FoodSkeletons

The bare bones of the plants we eat

Tag Archive: jasper H Stembridge

Quinoa – Inca gold

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Lake Titicaca, for me even the name has a ring to it. The first time I read about this lake was when we covered all the Great Lakes of the world in our geography class in School. We had a good teacher in Sr Hazel and a great textbook in Jasper Stembridges’s -The world, A general regional geography. I managed to salvage this textbook from my school days, all 532 pages and well sellotaped covers, with its emphasis on the human side of geography. I still enjoy reading how man is conditioned by his environment and how, he in turn, responds to this environment.

12,500 feet above sea level and high up in the Andes mountains, Lake Titicaca straddles both Peru and Bolivia. This is believed to be the place or the area around where quinoa, pronounced Keen-wah, was first domesticated. Since Tania has been blogging a lot about these little protein rich seeds, I thought I would share some bare bones of this plant. Although considered a cereal it is not a true cereal like rice, wheat or corn to name just a few as it does not belong to the grass family. Quinoa is really a false cereal like amaranth and buckwheat, and unlike the true cereals are far superior in proteins and also gluten-free.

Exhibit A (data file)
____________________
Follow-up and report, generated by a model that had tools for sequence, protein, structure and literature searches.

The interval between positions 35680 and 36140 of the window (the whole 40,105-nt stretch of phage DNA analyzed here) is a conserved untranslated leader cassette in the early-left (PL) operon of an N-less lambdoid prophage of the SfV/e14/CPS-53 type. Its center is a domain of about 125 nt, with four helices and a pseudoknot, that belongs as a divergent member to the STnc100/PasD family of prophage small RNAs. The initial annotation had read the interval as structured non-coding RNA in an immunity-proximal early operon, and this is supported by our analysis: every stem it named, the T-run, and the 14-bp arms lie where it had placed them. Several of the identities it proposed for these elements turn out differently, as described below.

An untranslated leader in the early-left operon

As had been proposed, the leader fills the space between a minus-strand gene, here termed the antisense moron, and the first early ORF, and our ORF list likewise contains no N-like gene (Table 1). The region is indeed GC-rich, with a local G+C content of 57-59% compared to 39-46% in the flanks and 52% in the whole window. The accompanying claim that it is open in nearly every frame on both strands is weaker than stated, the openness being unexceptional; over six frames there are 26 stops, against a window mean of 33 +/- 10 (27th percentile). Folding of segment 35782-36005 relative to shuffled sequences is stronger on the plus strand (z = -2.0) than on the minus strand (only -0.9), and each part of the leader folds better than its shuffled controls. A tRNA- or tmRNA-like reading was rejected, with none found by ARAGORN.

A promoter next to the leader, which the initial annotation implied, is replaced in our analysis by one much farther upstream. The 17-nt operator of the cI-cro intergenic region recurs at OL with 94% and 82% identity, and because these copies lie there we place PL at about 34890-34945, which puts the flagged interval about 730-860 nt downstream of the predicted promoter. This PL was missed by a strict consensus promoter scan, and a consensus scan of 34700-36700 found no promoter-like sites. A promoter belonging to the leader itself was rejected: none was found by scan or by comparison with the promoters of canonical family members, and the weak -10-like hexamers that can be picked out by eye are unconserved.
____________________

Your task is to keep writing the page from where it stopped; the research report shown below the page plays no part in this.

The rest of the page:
Quinoa plants near Cachora, Apurímac, Peru. Altitude: 3800m
Quinoa plants near Cachora, Apurímac, Peru. Altitude: 3800m

A beautiful plant to look at, you can imagine a whole field of this growing at this high altitude and arid conditions. This ancient staple plant of the Incas, with archaeological evidence of its use dating back to 5000 BC, the plant has evolved and adapted to protect itself from the intense UV radiation and arid conditions. Bitter tasting saponins also deter the birds. The seeds can range from white, yellow, grey, light brown, pink, black or red but what we get most commonly on the market are the white or red quinoa and sometimes the black.